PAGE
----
Take prenatal vitamins: Start taking prenatal vitamins (with 400mg of folic acid) up to a year before getting pregnant to reduce early miscarriage rates and prevent neural tube (brain and spine) defects at birth.
Understand the link between weight and fertility: If you have a lower body-fat percentage, that can lead to period loss and difficulty getting pregnant — but, most of the time, gaining weight will restore menstrual function. If you have a higher body-fat percentage, a weight decrease of 5-10% has been shown to improve ovulation and increase fertility.
Keep up with your movement routine, but don’t overdo it: Exercise is important to staying healthy when you’re trying to conceive, but too much exercise can impact your menstrual cycle and your chances of getting pregnant. If you’re not getting a period or having trouble getting pregnant, make sure to discuss your exercise routine with your OB-GYN.
Check in on your hormones
Hormones are the chemical messengers responsible for regulating the body’s functions. There are a few key hormones that play the role of “fertility detectives” in your body — for example, anti-Mullerian hormone (AMH) is the best predictor of ovarian reserve (aka how many eggs you have), but it’s used as a proxy for this answer and has some important caveats to consider.
Looking into your fertility hormone levels can give you important insight into your ovarian reserve, potential onset of menopause, thyroid function, health conditions like PCOS, and possible outcomes for egg freezing or in-vitro fertilization (IVF). Fertility hormone tests like Modern Fertility make this easy with an at-home finger-prick test that measures all of the hormones most important to reproductive health.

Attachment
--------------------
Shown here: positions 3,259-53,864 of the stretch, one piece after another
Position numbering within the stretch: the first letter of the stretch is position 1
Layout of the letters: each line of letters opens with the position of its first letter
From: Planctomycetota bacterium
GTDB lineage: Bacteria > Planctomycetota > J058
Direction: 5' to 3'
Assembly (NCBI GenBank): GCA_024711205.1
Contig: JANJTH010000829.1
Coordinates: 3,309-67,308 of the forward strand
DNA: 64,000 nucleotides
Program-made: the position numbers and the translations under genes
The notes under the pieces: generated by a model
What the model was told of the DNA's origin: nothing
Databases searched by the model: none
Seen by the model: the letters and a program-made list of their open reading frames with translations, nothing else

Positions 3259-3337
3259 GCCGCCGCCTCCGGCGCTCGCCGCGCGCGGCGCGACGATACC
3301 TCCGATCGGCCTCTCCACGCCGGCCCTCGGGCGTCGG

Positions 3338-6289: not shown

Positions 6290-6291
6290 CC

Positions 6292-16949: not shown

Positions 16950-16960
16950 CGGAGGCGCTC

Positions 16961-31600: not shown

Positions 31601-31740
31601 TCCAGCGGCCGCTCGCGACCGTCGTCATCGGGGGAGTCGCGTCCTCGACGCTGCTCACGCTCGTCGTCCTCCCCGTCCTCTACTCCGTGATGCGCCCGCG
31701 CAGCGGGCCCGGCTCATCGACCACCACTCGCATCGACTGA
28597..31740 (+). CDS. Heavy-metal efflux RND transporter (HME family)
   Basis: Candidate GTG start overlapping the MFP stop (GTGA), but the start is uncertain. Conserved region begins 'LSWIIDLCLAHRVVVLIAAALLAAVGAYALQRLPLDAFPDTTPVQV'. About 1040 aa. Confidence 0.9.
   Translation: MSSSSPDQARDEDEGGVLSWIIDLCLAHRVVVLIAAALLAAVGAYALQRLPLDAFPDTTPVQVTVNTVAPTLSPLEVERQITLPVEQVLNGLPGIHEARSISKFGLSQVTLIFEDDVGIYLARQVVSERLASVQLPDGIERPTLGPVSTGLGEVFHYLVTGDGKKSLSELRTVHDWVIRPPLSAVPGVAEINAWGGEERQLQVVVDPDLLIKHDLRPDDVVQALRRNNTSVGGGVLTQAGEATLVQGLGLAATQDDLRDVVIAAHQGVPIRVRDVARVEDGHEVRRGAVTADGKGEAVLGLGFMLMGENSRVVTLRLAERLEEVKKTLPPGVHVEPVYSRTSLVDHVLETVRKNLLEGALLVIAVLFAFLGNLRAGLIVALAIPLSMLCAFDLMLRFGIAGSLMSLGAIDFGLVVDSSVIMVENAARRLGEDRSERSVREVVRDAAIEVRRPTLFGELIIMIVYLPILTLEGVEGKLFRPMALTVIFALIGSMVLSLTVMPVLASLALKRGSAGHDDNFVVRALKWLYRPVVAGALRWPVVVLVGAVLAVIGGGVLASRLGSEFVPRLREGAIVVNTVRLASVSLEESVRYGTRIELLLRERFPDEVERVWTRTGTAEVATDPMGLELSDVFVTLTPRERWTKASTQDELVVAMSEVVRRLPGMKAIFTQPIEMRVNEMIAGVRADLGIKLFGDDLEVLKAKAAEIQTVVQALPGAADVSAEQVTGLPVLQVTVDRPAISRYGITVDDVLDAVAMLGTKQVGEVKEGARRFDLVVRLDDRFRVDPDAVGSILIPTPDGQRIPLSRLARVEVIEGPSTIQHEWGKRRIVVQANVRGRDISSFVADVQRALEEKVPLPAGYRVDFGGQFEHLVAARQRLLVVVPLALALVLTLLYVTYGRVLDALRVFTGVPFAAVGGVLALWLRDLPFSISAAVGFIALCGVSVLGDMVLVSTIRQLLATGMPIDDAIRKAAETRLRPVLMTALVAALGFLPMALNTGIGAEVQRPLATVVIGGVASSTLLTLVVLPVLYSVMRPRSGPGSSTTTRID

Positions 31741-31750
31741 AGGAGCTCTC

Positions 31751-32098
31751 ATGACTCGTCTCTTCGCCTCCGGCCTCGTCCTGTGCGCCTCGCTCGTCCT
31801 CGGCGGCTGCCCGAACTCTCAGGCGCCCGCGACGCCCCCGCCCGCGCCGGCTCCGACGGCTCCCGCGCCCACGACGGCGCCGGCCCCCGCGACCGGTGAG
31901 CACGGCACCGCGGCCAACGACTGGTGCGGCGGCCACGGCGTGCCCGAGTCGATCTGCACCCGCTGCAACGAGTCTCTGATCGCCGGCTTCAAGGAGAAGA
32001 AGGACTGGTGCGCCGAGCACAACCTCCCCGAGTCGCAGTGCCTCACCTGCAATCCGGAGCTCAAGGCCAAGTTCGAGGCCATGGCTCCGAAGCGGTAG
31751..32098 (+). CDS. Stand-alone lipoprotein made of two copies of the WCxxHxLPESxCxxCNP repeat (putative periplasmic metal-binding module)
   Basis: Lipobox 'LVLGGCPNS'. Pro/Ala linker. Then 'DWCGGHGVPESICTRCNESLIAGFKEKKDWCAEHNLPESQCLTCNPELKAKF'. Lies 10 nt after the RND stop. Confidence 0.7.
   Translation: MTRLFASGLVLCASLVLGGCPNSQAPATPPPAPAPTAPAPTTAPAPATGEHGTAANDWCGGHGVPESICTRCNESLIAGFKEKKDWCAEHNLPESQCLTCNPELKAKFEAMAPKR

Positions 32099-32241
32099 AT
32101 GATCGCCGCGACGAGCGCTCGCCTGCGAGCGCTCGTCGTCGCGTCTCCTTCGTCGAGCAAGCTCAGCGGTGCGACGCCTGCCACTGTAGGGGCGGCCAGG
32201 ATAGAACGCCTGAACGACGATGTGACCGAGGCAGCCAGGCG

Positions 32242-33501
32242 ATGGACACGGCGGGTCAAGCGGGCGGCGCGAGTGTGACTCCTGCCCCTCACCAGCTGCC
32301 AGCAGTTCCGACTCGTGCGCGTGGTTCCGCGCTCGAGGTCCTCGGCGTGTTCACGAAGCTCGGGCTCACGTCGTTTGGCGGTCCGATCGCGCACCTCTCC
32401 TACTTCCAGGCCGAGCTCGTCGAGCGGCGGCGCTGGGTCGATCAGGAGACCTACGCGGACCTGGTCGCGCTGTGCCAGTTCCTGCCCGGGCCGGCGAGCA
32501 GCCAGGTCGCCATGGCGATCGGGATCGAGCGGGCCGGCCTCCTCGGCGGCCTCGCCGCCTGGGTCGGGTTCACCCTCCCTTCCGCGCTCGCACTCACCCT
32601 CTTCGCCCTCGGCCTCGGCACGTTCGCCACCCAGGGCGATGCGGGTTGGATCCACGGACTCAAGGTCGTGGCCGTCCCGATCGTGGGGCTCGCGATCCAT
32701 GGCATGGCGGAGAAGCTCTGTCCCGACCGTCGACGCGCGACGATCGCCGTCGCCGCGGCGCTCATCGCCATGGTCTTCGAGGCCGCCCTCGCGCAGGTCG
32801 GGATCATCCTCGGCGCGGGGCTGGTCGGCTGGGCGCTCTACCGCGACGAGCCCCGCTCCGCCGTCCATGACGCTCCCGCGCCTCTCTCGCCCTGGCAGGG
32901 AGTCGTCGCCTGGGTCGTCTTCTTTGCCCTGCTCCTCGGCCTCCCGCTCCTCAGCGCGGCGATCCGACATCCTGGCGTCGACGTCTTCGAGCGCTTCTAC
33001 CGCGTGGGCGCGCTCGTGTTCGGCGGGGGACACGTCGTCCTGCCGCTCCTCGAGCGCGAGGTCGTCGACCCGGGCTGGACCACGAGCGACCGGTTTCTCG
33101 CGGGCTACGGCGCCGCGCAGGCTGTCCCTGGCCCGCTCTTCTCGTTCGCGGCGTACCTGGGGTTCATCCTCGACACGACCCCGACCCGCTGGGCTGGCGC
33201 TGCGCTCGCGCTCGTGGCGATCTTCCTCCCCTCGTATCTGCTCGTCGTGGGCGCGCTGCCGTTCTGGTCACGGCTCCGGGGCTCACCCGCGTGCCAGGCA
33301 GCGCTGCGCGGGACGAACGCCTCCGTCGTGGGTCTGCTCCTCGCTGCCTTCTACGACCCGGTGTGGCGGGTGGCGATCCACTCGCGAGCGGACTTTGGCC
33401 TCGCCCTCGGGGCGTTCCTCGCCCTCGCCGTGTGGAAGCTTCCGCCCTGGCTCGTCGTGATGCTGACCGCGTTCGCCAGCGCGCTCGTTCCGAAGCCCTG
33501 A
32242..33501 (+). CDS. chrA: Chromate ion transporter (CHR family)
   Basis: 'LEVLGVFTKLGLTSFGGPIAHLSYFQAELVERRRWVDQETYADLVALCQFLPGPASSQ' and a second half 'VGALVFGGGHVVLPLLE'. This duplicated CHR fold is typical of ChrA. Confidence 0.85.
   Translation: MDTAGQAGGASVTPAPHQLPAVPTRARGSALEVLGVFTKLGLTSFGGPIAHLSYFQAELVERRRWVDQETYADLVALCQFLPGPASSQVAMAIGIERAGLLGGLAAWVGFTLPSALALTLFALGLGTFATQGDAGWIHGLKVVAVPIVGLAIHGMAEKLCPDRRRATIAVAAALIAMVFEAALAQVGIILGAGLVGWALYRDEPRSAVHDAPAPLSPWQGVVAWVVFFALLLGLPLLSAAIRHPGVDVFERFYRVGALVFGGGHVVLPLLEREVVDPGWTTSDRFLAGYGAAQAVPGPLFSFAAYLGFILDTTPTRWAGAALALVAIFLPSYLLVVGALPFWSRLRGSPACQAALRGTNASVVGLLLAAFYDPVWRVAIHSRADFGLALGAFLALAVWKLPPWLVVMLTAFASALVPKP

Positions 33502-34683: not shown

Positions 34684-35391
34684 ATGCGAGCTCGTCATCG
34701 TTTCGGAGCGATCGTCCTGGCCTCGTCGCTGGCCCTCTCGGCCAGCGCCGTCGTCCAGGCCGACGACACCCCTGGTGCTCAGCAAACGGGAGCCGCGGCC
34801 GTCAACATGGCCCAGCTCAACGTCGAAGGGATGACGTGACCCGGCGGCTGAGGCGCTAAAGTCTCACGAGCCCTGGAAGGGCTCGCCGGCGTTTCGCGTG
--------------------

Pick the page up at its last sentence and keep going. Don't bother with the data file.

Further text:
Get familiar with your cycle and ovulation pattern
If you’re not already tracking your period or ovulation, it’s a good idea to start getting familiar with your body’s cycle patterns. Ovulation predictor kits (OPKs) can help you anticipate ovulation and find your two most fertile days by measuring surges in your luteinizing hormone (LH) level. There are a few other ways to track your cycle (like cervical mucus monitoring or simple cycle counting-based methods), but they’re less precise than OPKs
Here’s the bottom line
If you’re at all considering having kids in the future, there’s no downside to getting proactive about your fertility — all of these tips are beneficial for your overall and reproductive health whether or not you end up trying to get pregnant.
Another thing to keep in mind is that your reproductive health is more than just your fertility. Irregularities with your cycle can affect other areas of your health — and reproductive conditions and untreated STIs can make sex painful. That’s why I truly believe that staying on top of your reproductive health is important for all people with ovaries, whatever your plans for kids might be.